Tangled Tides (The Sea Monster Memoirs), p.5Karen Amanda Hooper
Rownan glanced at the window. "Be careful with him. He'll try to turn us against each other."
I had never seen Rownan scared before, but now fear practically oozed from his sweaty forehead. Did he really think Treygan could come between us? I wanted us to get back to normal, but with these new revelations, I didn't know what normal was anymore. "He could never turn me against you."
"Promise me that will always be true."
To stop the room from spinning, I focused on his pale lips framed by his goatee. "I promise. Why can't Treygan just leave me alone?"
His coat slid out of my fingers as he stepped backward. "I hate to say this, but you need him right now. He'll have to teach you to survive as one of them."
"Whatever he has to teach me, he can do it with you here. I don't want to be alone with him."
"You're one of his kind. He'll look out for you. Just remember your promise."
I slid my hands inside his coat, wrapping my arms around his waist and burying my face against his chest. He smelled different, like saltwater and smoky mint, but I tried to ignore it. My legs felt stronger and my head felt clearer. "Don't leave me."
"You have to go with him, but I'll be fixing up the house and trying to figure a way out of this mess."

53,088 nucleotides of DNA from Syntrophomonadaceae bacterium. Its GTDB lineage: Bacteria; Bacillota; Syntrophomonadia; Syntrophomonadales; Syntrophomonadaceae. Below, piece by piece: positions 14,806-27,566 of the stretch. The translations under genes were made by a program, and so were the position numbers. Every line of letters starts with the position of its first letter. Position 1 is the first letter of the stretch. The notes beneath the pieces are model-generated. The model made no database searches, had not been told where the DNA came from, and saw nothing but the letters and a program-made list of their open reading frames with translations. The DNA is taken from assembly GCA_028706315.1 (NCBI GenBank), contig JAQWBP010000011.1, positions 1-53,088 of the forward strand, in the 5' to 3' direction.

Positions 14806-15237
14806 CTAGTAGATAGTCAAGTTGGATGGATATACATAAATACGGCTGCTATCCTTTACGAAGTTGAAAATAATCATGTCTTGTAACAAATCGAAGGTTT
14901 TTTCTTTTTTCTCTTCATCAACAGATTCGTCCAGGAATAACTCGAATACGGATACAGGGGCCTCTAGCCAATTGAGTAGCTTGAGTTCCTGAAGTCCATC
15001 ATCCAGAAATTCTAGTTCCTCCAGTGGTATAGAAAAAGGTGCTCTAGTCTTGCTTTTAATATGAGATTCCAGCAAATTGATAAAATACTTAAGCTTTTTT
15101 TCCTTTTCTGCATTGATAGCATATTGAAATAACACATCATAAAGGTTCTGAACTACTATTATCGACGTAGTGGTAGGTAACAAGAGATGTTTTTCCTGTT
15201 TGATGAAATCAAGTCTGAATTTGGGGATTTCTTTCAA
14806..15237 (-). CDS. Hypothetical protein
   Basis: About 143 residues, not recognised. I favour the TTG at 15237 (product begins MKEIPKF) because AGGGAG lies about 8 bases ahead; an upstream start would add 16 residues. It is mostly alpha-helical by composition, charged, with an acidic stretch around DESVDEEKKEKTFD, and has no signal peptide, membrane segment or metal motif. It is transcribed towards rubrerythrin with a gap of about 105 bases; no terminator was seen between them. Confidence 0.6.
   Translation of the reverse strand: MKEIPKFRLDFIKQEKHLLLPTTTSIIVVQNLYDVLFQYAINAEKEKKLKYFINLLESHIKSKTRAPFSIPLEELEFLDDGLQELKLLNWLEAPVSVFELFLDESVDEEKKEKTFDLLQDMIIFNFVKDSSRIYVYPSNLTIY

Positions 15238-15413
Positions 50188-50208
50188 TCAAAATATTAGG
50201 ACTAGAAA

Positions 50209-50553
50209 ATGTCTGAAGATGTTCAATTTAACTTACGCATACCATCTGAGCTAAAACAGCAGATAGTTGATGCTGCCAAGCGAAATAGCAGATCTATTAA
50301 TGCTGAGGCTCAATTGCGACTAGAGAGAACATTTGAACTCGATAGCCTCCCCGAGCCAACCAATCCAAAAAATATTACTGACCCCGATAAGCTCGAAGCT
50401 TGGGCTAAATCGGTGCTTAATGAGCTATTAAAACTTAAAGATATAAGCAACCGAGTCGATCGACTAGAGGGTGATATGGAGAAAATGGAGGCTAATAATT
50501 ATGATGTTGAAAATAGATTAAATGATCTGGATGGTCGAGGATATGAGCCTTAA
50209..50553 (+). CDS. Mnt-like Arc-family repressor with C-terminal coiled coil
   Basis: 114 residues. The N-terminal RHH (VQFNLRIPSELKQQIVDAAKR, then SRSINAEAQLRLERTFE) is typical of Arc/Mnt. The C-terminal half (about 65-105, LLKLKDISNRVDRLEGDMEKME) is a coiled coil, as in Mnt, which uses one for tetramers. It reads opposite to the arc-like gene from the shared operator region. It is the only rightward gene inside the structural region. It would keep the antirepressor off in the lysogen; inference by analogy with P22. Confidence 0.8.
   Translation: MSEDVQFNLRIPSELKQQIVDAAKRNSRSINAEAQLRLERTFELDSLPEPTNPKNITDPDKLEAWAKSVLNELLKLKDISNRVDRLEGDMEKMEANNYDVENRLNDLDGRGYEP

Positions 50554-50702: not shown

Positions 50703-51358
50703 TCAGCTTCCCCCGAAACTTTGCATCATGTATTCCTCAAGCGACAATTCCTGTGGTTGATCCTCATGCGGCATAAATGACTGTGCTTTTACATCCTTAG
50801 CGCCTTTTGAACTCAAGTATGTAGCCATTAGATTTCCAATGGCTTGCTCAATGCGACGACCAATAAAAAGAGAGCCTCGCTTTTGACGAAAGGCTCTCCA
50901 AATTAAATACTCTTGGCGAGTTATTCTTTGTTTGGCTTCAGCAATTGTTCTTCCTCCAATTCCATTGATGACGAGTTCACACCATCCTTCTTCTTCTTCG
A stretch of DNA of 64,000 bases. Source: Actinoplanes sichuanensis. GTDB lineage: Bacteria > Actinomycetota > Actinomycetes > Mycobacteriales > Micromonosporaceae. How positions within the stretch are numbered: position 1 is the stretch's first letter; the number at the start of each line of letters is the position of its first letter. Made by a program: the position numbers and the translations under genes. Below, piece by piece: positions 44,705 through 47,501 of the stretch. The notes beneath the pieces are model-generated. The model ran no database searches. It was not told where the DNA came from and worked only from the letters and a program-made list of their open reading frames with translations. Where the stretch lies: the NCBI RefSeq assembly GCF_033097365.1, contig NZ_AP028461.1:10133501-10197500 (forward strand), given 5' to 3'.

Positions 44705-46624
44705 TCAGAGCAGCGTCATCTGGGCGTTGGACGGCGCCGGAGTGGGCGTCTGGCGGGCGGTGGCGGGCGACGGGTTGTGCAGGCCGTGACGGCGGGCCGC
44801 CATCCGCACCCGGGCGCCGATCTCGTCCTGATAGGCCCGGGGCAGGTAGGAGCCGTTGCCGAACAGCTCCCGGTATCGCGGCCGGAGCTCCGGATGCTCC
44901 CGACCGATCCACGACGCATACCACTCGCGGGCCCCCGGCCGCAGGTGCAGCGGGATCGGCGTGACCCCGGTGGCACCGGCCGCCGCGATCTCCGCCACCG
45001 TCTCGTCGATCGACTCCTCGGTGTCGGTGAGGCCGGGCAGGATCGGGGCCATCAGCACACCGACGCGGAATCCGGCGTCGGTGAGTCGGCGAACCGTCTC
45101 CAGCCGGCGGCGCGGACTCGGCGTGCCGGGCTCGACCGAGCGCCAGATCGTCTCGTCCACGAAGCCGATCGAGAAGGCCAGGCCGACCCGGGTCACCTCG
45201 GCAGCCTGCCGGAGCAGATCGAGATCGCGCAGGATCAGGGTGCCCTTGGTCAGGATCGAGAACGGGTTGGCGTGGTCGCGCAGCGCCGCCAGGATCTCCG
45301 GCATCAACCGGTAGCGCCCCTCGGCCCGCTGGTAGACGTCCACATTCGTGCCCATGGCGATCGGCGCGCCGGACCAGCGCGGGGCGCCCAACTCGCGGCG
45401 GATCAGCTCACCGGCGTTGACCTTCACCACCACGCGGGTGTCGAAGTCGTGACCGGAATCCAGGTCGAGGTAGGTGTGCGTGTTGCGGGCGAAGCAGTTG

"Row," I looked up at him. "Do you think there's a way for me to turn into a selkie?"
His ebony eyes seemed to glisten. "Legit? You would do that?"
"I'd rather be part seal than part fish."
"You did look hella cool in my coat." He kissed my forehead and turned away.
I pulled him closer, but something still felt off. "I want a goodbye kiss."
Our lips met and I waited for the familiar tingle to rush through me. Strangely, I felt nothing. We went through all the motions, his hand gliding up the back of my neck and his tongue making perfect circles around mine. So where was my tingly feeling? I opened my eyes and pulled away. My lips felt cold and tasted salty.
"I'll find you soon," he said. "Put on your boots before you go downstairs. I'm still not ready for your fin premiere."
We walked together down the stairs, our kiss on instant replay in my mind. Why was that kiss so bad? Were things already changing between us?
I was careful not to splash water on my legs as we made our way to the front door. Treygan sat on the porch steps—wearing clothes, thank God. He didn't move a muscle as Rownan walked past him.
"Why didn't you tell me?" I huffed once Rownan was out of ear shot.
Treygan didn't turn around. His blue t-shirt stretched against his rounded shoulders. "Tell you what?"
"That Rownan is a selkie."
"It wasn't my place to tell you. Besides, you wouldn't have believed me."
"You're probably right." He stood up and turned to face me. I sneered at his t-shirt. "Ironic, don't you think?"
"What?" he asked. "That you don't believe what I tell you? Yes, ironic indeed."
"No. It's ironic that you—the villain—are wearing a Superman shirt."